A shock to the system

Researchers at McGill University in Montreal have reported improvement in gait speed in a woman with PSP using transcranial direct current stimulation (tDCS). 

The research findings that I pass along here are generally of high scientific quality.  This one is only a single case report and was published only as a letter to the editor, which typically meets a lower standard in the peer-review process.  But it’s in a good journal and from a well-reputed group with a long record of accomplishment in a closely related field.  Plus, it’s about a low-risk potential treatment of PSP — a disease without much other treatment.  So – good enough for me.

The paper’s first author is Carlos Roncero, MD, PhD, a psychiatrist and psychologist and the senior (i.e., last-named) author is Howard Chertkow, MD.  Both McGill professors have long and distinguished research records.  Dr. Chertkow has worked extensively on tDCS for Alzheimer’s disease and is perhaps most famous for having developed, along with two colleagues, the Montreal Cognitive Assessment (MoCA), a quick test of general cognition that works very well in PSP and other frontal lobe conditions and is used world-wide. 

There has been research before in both tDCS and in transcranial magnetic stimulation for movement disorders, including a bit in PSP.  But the previous work has used arcane physiological variables or speech as their outcome measures rather than gait or balance.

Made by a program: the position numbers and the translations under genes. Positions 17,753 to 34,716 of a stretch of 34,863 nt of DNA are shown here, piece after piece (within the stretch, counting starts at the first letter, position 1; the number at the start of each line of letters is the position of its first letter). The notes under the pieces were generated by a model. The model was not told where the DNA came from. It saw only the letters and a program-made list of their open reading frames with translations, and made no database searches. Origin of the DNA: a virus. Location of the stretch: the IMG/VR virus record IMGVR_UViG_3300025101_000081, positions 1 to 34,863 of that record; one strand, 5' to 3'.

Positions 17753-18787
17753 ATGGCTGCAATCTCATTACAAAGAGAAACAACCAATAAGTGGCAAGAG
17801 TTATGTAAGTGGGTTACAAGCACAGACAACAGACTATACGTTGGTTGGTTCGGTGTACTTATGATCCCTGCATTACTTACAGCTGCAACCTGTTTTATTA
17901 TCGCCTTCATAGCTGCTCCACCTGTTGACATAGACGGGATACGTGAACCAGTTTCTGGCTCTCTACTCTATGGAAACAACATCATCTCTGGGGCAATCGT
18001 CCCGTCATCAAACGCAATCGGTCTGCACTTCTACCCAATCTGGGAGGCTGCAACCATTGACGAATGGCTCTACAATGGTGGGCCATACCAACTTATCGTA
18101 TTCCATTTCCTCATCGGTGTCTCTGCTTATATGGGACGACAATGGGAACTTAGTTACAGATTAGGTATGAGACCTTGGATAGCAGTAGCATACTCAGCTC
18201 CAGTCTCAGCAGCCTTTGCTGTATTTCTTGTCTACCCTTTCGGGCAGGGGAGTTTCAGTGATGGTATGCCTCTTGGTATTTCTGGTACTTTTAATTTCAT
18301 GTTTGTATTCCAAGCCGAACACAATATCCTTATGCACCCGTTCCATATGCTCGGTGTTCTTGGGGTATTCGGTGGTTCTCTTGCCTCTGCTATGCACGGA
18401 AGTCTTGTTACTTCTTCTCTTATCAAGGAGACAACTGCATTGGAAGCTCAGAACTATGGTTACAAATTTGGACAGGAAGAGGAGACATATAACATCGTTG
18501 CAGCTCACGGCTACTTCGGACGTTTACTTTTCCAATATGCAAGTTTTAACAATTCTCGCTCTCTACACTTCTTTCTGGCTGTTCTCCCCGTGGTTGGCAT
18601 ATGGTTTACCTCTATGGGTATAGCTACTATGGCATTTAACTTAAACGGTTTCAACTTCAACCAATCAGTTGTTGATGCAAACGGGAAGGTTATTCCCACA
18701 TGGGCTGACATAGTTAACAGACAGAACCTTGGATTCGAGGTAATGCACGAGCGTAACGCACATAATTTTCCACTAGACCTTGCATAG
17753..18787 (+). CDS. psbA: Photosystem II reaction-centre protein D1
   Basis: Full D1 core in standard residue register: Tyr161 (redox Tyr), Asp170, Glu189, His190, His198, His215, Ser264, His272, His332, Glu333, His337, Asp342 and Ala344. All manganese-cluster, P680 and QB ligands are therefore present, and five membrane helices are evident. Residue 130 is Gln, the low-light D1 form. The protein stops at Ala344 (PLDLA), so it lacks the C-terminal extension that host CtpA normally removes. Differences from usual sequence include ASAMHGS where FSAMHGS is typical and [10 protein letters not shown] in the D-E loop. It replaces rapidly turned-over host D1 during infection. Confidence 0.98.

The methods

The procedure consists of passing a weak electric current through the brain, in this case from two electrically negative electrodes (“anodes”) on the skin, one over each deltoid muscle (at the shoulder), to a single positive electrode (“cathode”) atop the center of the head, where the left and right “primary motor cortices” nearly touch.  Nothing pierced the skin – these were just wires ending in 5 x 7-cm (2 x 3- inch) patches held by adhesive. Each deltoid received 2 milliamps of current over 20 minutes per day for 4 consecutive days per week for 3 weeks.  The patient’s gait was tested during the fourth stimulation of the third week and then monthly for 5 months after the stimulation sessions had ended.  As a placebo control, before the first week of stimulation, they gave the patient a week of sham stimulation, with the apparatus in place but the switch off, and considered the gait result at that point to be her baseline.  The nature of the gait test was the time required to walk 24 meters (26 yards) using the same walker that the patient was using at home.  Three clinicians flanked her to prevent falls but did not touch her or the walker.